To hear the authorities tell the tale, these places are overrun with crime and unsafe, the residents helpless victims. In the documentary, the establishment role is played by Guillermo Barrios, a professor of architecture and urbanism, who says that Torre de David is violent, not a good reuse of the structure, an example of “anti-housing” on which the government has turned its back. The Kowloon Walled City, due to arcane details of international relations, was similarly lightly-governed – a tiny island of People’s Republic of China territory surrounded by British Hong Kong.

Ask the people who live there to tell you their stories, and a much more detailed picture emerges. There is crime, like anywhere, but many residents say they feel safe and that nothing has happened to them. The young couple moving into and renovating an apartment are optimistic about getting a home for such a low price, and knowing where they’re going to spend the night. Another resident says the conversion of the tower is just the “nature of life” – people who had nowhere to go when it rains made a place to live. Read City of Darkness and you will hear many similar stories – people who, despite hardship, had escaped worse conditions in the PRC, built homes and businesses, and created a community.

Places that don’t follow the normal rules of development, like Torre de David and the Kowloon Walled City, live in a precarious position. The Kowloon Walled City initially received beneficial intervention from the outside, in the form of sewer lines, safe drinking water spigots, and legitimate power lines that weren’t a serious fire hazard. (Side note: score one for the engineers.) But eventually, its illegal slum apartments and businesses were deemed to be an embarrassment to the British and the Chinese, who both wanted to come out looking good from the 1997 return of Hong Kong to Chinese control, and it was demolished in 1994. This despite the persistence of legal, but just as crappy, cage apartments in the rest of Hong Kong.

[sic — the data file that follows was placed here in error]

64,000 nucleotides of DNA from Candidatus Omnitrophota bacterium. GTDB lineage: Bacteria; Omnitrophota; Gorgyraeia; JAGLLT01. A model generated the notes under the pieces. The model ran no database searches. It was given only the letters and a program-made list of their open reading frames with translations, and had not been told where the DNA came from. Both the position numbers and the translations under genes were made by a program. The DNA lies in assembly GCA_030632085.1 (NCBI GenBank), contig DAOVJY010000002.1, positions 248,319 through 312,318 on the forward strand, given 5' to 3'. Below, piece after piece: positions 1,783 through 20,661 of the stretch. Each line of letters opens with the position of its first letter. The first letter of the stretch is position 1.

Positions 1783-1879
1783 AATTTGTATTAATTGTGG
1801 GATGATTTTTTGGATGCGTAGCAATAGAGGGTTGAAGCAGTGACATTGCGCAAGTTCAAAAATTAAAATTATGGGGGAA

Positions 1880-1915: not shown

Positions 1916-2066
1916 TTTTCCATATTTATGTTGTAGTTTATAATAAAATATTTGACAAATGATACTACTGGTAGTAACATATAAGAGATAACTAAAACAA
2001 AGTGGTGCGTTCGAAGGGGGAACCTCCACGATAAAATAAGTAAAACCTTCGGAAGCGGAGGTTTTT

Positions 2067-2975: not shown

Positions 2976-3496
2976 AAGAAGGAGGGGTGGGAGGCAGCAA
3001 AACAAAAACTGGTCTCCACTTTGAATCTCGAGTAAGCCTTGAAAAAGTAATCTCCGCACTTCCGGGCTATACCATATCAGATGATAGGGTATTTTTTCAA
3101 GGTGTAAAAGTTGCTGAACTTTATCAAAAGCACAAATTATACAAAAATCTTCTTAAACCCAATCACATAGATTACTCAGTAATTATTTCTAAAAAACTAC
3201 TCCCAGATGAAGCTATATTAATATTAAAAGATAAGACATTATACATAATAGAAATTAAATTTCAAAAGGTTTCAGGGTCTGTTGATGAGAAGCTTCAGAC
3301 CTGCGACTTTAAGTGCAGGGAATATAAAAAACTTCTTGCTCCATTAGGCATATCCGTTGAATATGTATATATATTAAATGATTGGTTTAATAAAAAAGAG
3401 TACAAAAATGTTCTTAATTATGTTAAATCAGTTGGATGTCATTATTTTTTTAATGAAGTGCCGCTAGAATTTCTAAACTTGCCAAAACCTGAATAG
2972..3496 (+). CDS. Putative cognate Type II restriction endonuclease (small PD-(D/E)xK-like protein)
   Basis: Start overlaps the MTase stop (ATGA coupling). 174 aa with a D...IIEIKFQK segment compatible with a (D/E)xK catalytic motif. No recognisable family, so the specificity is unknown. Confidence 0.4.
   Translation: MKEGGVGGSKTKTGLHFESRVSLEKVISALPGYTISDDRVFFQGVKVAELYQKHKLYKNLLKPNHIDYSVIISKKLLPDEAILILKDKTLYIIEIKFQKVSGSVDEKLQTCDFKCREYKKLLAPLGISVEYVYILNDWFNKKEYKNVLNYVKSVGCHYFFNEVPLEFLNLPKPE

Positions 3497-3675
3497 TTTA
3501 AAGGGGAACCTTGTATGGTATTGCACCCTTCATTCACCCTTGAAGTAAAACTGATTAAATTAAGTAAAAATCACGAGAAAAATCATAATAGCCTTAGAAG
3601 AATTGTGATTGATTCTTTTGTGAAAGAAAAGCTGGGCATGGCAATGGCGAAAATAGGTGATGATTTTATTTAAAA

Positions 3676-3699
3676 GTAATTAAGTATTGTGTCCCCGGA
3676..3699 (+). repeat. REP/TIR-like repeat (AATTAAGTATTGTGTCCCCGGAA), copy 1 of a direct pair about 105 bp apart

The establishment’s position on Torre de David is the same. It is revealing, though perhaps unintentional, that Barrios calls Torre de David a “symbol” of the failure of Venezuela’s cities. Symbolic failures can be solved with symbolic successes. Thus, demolishing a low-rise slum to build Pruitt-Igoe is a success, and demolishing Pruitt-Igoe when it becomes a symbol of urban failure is also a success. Barrios concludes that the people in the tower need to be relocated to “adequate residences, adequately planned around a vision of habitat, of housing with integrated public services”.

Realistically, the physical form of Torre de David has little to do with any social problems, just like physical form had little to do with the problems of pre-WW2 US slums demolished during urban renewal. Social problems are us, and you can’t build new housing to escape yourself. Crime, poverty, lack of economic opportunity, unsafe water, electrical, and sewer service – all of these problems are just as solvable in Torre de David as they would be in some theoretically-planned housing project, if not more, because in Torre de David you can capitalize on existing social networks. But solving symbolic problems is much easier than solving real problems.

Now, this post might seem awfully libertarian to you (I’m surprising myself a little), and you might think I don’t care about people in poor living conditions (not true at all). But that last quote should have sent a chill down your back, because it’s the exact same logic that planners used when they wiped swaths of American cities off the map back in the urban renewal era. My critique isn’t based on Murray Rothbard, it’s straight out of Jane Jacobs.

The stories you hear from residents of Torre de David today were being told by residents of the Kowloon Walled City in 1989, and they could have been told by residents of Boston’s West End in 1955. In every case, residents are saying, look, we want to work with the government to make our community better. And the response of policy thinkers makes it clear they have little interest in that – in actually understanding how the neighborhood works, which Jacobs flagged as one of the biggest problems in urban planning. It makes me really wonder just how much we’ve learned about cities in the last 60 years.